Ah. Human nature (or should I say, “troll-la-la-la-la”?) It appears some things never change.

Here are my thoughts, on reading the story for the first time 66 years after it’s initial publication. It’s a good story. I kind of knew where things were headed, since it has, after all, been 66 years and in that time, writers have continued to push boundaries. But it’s still a good read after all these years. And “Biography of a Story”? Delightful. Such fun to read about the reactions of those readers who felt compelled to write letters to the New Yorker, letters which ended up in the author’s hands (the New Yorker faithfully sent her all letters, except for anonymous ones, which went into the garbage). Jackson herself takes it all in with a nice, practical grain of salt.

I have all the letters still, and if they could be considered to give any accurate cross section of the reading public, or the reading public of The New Yorker, or even the reading public of one issue of The New Yorker, I would stop writing now.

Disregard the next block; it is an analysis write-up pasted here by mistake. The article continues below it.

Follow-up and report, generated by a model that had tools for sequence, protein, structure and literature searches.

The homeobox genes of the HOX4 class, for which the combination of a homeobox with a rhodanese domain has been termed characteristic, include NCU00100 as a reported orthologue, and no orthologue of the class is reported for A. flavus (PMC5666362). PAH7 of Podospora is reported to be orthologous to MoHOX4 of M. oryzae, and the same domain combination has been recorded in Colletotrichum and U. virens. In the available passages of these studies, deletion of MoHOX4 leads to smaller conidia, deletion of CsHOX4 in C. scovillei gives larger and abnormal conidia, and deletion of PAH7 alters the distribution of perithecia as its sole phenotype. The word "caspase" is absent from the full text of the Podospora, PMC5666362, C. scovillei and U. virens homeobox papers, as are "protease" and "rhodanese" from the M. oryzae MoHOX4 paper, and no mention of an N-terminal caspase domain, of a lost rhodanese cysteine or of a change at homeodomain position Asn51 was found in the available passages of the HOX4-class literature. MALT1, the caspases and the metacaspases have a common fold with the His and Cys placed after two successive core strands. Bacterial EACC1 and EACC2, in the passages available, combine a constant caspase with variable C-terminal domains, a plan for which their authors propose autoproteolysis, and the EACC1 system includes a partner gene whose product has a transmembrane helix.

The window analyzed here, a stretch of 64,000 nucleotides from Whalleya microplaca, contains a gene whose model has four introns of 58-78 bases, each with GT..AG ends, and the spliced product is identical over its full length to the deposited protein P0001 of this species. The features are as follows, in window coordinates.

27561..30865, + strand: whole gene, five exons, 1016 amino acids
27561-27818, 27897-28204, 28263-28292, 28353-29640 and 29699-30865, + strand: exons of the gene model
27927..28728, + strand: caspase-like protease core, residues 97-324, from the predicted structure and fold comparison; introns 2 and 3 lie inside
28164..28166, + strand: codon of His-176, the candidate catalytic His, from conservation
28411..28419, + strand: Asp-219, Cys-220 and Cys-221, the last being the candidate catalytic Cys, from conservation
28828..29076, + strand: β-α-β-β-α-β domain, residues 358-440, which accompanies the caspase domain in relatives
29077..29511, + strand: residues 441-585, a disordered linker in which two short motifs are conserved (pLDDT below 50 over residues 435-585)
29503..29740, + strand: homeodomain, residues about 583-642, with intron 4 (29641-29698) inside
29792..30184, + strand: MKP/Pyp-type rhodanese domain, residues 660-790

The Short Story Box: A Short Story A Day, Randomized

When I was in my early twenties, I read a lot of short stories, but then somewhere between then and now, I fell out of the habit.

Last year, I picked up Neil Gaiman’s short story collection, Smoke and Mirrors, and remembered how much pleasure a well-crafted short story can bring to me as a reader. I decided back then that I wanted to read more short stories (yes, it was about a year ago – I procrastinate quite well).

Fast forward to now. Since that time last year, I have, rather unconsciously, been collecting short story collections and anthologies. Last week, I took a look around at my bookshelves, both physical and digital, and realized I’d amassed quite the collection.

I also realized something else. I don’t reach for a book of short stories the way I reach for a novel.  With a novel, I get these squiggly bookish feelings of anticipation and when these come, I naturally reach for whichever novel it is, and start reading.

This doesn’t happen with short stories. Have you noticed how short story collections are often great big thick books? I find they make me feel a little wary.